Contracts serve as a bridge between the legal and business functions. What is often the biggest issue from the perspective of in-house counsel in terms of contracting serves as an illustrative example. That issue is getting and keeping internal business stakeholders and legal aligned. This is something that no law school course can teach. However, it is a major aspect of the contracting process. It can often define the contours of a negotiation and/or dramatically redefine them.
Yet, it may sometimes appear, particularly to a new or inexperienced lawyer, that your job and the job of your internal client, often someone in sales, are diametrically opposed. You want to protect and defend against legal risk. Your client wants to get the deal done and by doing so generate greater revenue.
So, how does one resolve this seemingly intractable issue? There is no one size fits all solution. There are some concepts to keep in mind as you work your way through the contract management process that can make the process both easier and more efficient as well as ensuring that the deal gets done and done the right way.
At the outset of any potential deal-making process, one needs to keep in mind that each contract requires a balance to be struck between the needs of the business and the risk profile of the company. Finding a balance is not nor should ever be a zero-sum game. What is required is to truly understand your company’s business and understand what legal risks come into play vis-à-vis the company’s business.
One effective way to do this is investing time in getting to know the business that you represent. Obtain a firm grasp of what products your company makes and the markets that the products seek to serve. Talk to the sales team including both sales team leaders as well as lower-level team members. Get to know their personalities, what drives them, and why they like doing what they do. Ask them about the customers that they sell to. What are these customers looking for? Which customers are easier to deal with and why than others? In addition, ask them in an ideal world, what are they expecting from you as the company lawyer? How can you best help them?
By getting to know your sales teams on a personal level, you will be better able to interact with them by knowing their expectations of you. Based on those expectations you can then tailor your responses to suit their needs.
Moreover, by asking about the company’s customers, you can gain a clearer understanding of what the customers are looking for and why certain types of customers might be more likely to push back on some provisions while others may be more amenable to them. In asking questions about the products that your company makes, you can better evaluate risks by knowing what the products do, how they work, and the markets that the products seek to serve.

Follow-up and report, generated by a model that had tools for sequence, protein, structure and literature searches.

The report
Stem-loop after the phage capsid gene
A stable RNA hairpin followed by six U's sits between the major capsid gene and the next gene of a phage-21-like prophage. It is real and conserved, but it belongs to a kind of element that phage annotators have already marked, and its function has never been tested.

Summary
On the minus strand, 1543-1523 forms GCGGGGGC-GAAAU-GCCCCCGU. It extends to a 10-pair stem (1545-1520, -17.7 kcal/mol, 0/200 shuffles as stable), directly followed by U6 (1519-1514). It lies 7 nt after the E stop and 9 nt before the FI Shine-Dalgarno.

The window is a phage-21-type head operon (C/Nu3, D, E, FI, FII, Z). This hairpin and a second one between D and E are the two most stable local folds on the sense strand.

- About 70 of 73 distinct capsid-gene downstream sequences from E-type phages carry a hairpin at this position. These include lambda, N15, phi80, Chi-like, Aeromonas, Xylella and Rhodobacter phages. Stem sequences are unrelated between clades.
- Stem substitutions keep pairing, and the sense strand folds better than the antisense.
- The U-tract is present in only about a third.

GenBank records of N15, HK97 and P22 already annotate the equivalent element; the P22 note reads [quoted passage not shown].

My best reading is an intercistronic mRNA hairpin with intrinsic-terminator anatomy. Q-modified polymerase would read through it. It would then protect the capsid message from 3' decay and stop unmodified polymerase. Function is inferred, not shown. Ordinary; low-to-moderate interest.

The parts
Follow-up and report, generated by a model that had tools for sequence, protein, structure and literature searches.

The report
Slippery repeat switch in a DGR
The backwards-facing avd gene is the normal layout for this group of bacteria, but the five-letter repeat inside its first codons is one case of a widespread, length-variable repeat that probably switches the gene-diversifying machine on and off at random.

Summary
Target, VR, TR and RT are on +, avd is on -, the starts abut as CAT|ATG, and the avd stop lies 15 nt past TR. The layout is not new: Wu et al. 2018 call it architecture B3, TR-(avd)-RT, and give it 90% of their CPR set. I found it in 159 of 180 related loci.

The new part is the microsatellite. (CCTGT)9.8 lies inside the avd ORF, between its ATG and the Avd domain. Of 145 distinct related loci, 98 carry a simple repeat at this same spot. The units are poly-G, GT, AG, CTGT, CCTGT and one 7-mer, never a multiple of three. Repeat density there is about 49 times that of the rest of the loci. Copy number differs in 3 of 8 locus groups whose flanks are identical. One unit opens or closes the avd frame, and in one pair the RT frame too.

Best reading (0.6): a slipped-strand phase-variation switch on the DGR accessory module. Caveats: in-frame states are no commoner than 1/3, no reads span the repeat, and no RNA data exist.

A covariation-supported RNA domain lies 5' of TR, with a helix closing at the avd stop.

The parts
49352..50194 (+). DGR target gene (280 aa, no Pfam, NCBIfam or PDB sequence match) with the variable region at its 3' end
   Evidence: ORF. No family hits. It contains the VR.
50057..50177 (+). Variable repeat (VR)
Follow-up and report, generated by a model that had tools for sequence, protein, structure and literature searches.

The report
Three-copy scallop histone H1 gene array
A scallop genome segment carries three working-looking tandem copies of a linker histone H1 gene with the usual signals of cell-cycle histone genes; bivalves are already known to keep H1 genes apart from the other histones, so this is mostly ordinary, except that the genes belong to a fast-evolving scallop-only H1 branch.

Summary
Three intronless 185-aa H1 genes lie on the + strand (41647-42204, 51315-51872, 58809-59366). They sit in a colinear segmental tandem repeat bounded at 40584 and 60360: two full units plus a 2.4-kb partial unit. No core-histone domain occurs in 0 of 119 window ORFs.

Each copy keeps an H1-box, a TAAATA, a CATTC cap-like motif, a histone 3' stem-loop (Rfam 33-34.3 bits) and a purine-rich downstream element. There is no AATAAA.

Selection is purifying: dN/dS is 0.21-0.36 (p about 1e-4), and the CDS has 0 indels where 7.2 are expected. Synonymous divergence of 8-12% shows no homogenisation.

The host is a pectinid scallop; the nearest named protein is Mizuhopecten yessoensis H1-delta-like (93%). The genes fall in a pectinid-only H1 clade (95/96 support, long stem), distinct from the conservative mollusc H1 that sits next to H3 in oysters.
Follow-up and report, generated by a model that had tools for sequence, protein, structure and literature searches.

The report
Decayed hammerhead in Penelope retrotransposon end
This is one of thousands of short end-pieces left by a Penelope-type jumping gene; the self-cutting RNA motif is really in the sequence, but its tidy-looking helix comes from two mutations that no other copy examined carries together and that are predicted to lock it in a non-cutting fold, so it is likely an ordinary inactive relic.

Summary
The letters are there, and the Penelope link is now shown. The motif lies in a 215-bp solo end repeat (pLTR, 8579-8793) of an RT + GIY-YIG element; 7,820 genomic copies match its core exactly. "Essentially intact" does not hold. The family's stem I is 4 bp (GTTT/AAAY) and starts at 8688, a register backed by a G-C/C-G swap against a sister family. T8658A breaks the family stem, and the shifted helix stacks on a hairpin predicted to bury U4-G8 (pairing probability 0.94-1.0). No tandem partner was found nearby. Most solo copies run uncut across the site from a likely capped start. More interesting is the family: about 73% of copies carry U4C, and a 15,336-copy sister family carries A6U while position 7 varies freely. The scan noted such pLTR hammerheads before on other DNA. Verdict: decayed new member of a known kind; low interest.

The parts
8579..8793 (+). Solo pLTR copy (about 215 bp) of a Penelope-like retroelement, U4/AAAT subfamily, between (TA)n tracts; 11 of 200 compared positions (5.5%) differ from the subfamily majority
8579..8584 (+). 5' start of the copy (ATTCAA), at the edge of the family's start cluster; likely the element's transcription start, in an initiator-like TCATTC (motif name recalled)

However, it is also important to be reminded that asking these questions of your sales teams and getting to know your company’s products and customers is only part of the groundwork that you should be doing. You need to also ensure that your legal toolkit is robust and adaptive. This starts by creating, if you do not already have one, a template library of agreements that your sales teams can use as they seek to do deals and playbooks of legal positions and rationales for them as well as potential compromise positions. For those who may not be aware, a legal playbook is essentially a document that outlines a range of possible tactics. That is to say, if a customer pushes back on a certain provision, the playbook can provide you with a way to respond and/or some compromise language that you can offer. Having templates and a playbook allows your sales teams to do two things. First, they are given the ability to provide the customer with a draft agreement favorable to your side. Second, it facilitates the deal-making process by allowing your sales people to engage in some initial negotiation rather than you are allowing you to focus on other, more strategic matters. Having a legal playbook also helps ensure the promotion of key business objectives and helps you manage risk by establishing clear legal positions aligned to your company’s risk positions.